Does that mean that if there is a potential claim for anything other than ordinary unfair dismissal, and there is no outstanding dispute, it is not possible to negotiate a settlement? Thankfully not. Regardless of whether it is possible to have a ‘protected’ or ‘without prejudice’ conversation, it is still always open to an employer and employee to seek to reach an agreement. However, if neither of these rules apply it should be remembered that the fact of the conversation and anything which is said will be admissible in any subsequent claim, should it not be possible to reach a settlement.
It is possible to challenge the protected or without prejudice status of a conversation, although this should hopefully be rare. If there has been any ‘improper behaviour’ in a protected conversation, or if there is any ‘unambiguous impropriety’ in a without prejudice conversation, then it may be possible to refer to the conversation – or at least part of it – in any subsequent claim. What this means is that, for example, any bullying, victimisation or discrimination in the course of the conversation may well leave its status open to challenge and it is therefore important to ensure that such conversations are conducted appropriately.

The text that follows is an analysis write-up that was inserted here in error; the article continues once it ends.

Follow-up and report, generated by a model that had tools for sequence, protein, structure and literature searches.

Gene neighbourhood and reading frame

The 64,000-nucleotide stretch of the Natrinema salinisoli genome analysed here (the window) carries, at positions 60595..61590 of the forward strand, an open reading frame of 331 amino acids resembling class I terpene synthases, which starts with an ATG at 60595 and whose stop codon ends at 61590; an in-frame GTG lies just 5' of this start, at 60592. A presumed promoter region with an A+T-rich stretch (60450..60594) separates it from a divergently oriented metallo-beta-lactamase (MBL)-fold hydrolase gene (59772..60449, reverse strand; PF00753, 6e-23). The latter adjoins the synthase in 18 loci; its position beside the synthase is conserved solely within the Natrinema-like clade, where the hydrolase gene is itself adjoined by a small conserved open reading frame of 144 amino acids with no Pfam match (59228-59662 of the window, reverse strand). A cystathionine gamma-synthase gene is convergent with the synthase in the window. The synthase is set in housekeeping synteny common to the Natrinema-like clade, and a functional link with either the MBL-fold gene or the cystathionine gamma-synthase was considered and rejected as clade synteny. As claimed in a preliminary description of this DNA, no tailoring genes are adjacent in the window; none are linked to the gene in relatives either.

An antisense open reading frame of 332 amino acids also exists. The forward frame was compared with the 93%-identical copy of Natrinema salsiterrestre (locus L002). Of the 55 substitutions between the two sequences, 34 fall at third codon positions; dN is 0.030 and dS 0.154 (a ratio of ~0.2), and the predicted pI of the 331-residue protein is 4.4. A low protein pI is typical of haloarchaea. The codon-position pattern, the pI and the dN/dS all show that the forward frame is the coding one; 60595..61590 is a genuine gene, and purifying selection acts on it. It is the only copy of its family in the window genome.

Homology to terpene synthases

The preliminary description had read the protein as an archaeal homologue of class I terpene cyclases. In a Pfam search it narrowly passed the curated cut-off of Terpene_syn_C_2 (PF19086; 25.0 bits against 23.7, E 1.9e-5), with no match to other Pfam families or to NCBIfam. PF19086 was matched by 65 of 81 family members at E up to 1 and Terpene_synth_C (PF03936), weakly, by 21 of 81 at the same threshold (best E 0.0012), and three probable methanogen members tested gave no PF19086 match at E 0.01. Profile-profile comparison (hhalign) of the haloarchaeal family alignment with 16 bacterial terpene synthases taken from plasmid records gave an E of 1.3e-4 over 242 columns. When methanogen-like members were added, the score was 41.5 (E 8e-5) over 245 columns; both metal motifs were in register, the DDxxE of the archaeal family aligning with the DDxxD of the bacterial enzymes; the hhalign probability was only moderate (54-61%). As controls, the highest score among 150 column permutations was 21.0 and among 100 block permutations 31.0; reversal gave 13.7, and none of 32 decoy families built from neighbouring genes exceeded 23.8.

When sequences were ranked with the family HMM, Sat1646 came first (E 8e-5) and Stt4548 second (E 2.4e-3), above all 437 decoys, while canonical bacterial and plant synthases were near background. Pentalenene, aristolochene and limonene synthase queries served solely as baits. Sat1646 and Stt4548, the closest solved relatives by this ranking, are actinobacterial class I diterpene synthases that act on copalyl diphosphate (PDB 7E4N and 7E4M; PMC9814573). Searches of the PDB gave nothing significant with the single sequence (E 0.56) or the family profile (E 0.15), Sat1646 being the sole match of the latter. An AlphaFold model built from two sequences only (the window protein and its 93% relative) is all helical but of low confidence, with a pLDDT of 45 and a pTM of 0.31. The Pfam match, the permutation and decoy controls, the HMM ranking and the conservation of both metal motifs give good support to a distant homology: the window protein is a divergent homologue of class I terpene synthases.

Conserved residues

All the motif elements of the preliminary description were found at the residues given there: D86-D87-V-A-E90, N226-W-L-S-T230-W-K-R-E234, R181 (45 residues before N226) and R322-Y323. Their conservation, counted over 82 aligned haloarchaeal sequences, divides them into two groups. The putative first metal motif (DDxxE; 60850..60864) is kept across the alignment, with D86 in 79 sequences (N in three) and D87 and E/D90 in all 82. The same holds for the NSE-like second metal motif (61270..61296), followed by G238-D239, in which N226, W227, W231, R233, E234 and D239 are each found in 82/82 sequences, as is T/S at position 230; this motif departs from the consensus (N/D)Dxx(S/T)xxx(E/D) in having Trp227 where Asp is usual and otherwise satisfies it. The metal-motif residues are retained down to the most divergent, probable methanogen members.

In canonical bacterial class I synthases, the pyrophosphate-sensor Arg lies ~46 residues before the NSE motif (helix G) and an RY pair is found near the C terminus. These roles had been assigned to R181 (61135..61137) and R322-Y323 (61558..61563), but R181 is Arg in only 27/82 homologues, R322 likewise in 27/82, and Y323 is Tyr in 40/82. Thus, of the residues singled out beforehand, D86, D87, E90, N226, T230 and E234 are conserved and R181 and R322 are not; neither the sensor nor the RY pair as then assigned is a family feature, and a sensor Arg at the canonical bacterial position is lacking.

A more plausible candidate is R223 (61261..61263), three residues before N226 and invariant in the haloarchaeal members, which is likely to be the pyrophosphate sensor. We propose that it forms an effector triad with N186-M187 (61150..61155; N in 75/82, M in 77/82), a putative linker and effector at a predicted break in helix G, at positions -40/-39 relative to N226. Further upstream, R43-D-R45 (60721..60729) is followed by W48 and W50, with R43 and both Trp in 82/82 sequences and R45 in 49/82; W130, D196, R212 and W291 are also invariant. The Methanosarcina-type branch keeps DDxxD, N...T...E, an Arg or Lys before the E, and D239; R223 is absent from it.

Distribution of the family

Whilst there are no hard and fast legal requirements for a protected conversation, Acas has produced a Code of Practice which employers would be well advised to follow, as the Code may be taken into account by an Employment Tribunal when considering whether a conversation is admissible in any subsequent proceedings. This code includes:
The code also gives examples of what is likely to amount to ‘improper behaviour’.
The code unfortunately does not give a great deal of practical guidance on how to hold the conversation, and if employers have any concerns about this we would always recommend taking advice in order to understand whether your conversation will be covered and the steps that you can take in order to minimise the risk of a claim.
If the employee is prepared to consider the offer, it is sensible to put the offer in writing so that the employee may seek advice on the terms of the offer. You do not have to have a settlement agreement drawn up at the point at which the conversation takes place and may simply decide to write to the employee setting out the basic terms for them to consider. However, if they would like to proceed, you will need to provide the employee with a settlement agreement on which they will need to take legal advice. It is normal for the employer to make a contribution towards the employee’s legal fees, although this is not compulsory.